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NEWS RELEASE · 21st June 2010
Ministry of Education
Students in B.C. will have two new English courses to choose from in September, with the addition of English 10 and 11 First Peoples to the curriculum, announced Minister of Education Margaret MacDiarmid.

"It's a great pleasure to announce the addition of English 10 and 11 First Peoples to the curriculum on this, National Aboriginal Day," said MacDiarmid. "We are proud to continue supporting Aboriginal student achievement while encouraging all students to experience the rich culture and history of First Peoples."

English First Peoples is intended for both Aboriginal and non-Aboriginal teachers and students. It represents an invitation to all learners to explore and discover First Peoples' worldviews through the study of literary, informational and media texts with local, Canadian and international First Peoples' content. English 10 First Peoples and English 11 First Peoples join English 12 First Peoples, which was introduced in 2008.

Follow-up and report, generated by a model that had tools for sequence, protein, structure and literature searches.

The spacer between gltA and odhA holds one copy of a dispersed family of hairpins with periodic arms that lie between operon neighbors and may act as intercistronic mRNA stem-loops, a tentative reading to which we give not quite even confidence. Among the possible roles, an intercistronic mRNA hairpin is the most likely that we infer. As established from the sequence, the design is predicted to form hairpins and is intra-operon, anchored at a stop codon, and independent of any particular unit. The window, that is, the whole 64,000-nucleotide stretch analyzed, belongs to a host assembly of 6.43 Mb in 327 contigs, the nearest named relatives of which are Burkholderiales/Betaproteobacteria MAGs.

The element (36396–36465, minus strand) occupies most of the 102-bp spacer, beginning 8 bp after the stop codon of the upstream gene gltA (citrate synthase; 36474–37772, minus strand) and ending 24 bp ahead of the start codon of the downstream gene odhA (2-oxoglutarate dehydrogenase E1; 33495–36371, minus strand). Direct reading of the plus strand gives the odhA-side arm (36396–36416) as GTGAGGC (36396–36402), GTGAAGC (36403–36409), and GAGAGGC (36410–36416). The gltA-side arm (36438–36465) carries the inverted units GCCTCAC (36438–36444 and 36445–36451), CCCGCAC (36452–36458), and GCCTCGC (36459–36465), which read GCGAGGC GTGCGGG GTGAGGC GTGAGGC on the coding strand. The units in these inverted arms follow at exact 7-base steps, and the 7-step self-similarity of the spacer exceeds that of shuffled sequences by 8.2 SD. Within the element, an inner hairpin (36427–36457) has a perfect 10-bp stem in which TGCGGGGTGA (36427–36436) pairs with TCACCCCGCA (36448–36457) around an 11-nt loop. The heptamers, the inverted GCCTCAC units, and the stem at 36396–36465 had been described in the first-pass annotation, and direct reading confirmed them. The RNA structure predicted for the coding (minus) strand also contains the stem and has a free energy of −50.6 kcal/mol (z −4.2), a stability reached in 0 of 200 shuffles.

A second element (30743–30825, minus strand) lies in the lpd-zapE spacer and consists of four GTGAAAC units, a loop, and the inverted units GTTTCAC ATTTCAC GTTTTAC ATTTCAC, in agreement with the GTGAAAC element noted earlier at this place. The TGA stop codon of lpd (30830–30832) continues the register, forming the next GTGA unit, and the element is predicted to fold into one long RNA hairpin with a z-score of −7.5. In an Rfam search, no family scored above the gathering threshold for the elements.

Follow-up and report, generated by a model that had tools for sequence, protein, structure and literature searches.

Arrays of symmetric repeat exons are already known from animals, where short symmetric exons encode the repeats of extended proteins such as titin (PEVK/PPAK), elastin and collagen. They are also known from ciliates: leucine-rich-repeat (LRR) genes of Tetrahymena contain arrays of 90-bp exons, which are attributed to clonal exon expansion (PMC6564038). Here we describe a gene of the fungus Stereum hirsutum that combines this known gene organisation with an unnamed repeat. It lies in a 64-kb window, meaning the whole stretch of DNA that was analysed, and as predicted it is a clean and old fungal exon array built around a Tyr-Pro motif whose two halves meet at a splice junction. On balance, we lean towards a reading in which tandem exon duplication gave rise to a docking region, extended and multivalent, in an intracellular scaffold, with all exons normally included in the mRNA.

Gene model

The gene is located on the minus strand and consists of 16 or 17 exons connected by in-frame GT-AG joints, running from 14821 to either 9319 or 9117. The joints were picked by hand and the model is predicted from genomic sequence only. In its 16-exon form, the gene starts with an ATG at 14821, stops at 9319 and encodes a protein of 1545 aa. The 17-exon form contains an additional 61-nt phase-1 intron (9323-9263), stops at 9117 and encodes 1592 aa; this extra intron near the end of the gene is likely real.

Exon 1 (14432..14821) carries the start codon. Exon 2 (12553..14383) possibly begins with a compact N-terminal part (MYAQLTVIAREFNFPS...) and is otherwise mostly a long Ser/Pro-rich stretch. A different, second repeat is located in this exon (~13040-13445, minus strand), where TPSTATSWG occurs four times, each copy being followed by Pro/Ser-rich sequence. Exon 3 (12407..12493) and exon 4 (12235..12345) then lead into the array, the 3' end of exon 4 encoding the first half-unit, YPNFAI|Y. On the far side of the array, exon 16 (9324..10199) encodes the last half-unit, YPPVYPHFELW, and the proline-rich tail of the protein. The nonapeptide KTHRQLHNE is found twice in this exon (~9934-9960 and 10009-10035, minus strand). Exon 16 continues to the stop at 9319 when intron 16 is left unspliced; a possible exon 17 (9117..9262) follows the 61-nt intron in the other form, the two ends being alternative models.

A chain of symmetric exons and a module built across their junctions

"The introduction of English 10 First Peoples and English 11 First Peoples is another important step towards a more respectful and inclusive curriculum," said First Nations Education Steering Committee President Tyrone McNeil. "We look forward to developing more opportunities for students to learn about B.C. First Nations' rich and diverse history and culture."

The Province has also just announced the addition of a 14th Aboriginal language, Kwak'wala, to the curriculum providing choice for students in the Vancouver Island North school district. As well, Langley and Arrow Lakes are signing Aboriginal education enhancement agreements for their districts, with Arrow Lakes being the 50th district to sign.

"Much progress has been made towards closing the gap between Aboriginal peoples and other British Columbians, but there is still much work to be done," said Minister of Aboriginal Relations and Reconciliation George Abbott. "By increasing awareness of Aboriginal culture, history and traditions through initiatives like English First Peoples, we are moving closer to establishing a New Relationship based upon mutual respect and recognition."

Aboriginal enrolment has nearly doubled in B.C. public schools since 1993. As of September 2009, there were more than 61,000 Aboriginal students, making up ten per cent of the total student population.

Provincial funding for Aboriginal education in the B.C. public K-12 school system is increasing from $52.6 million to $61.5 million for the 2010-11 school year. The funds are used to support Aboriginal language and cultural programs, Aboriginal support service programs, and other localized Aboriginal education programs.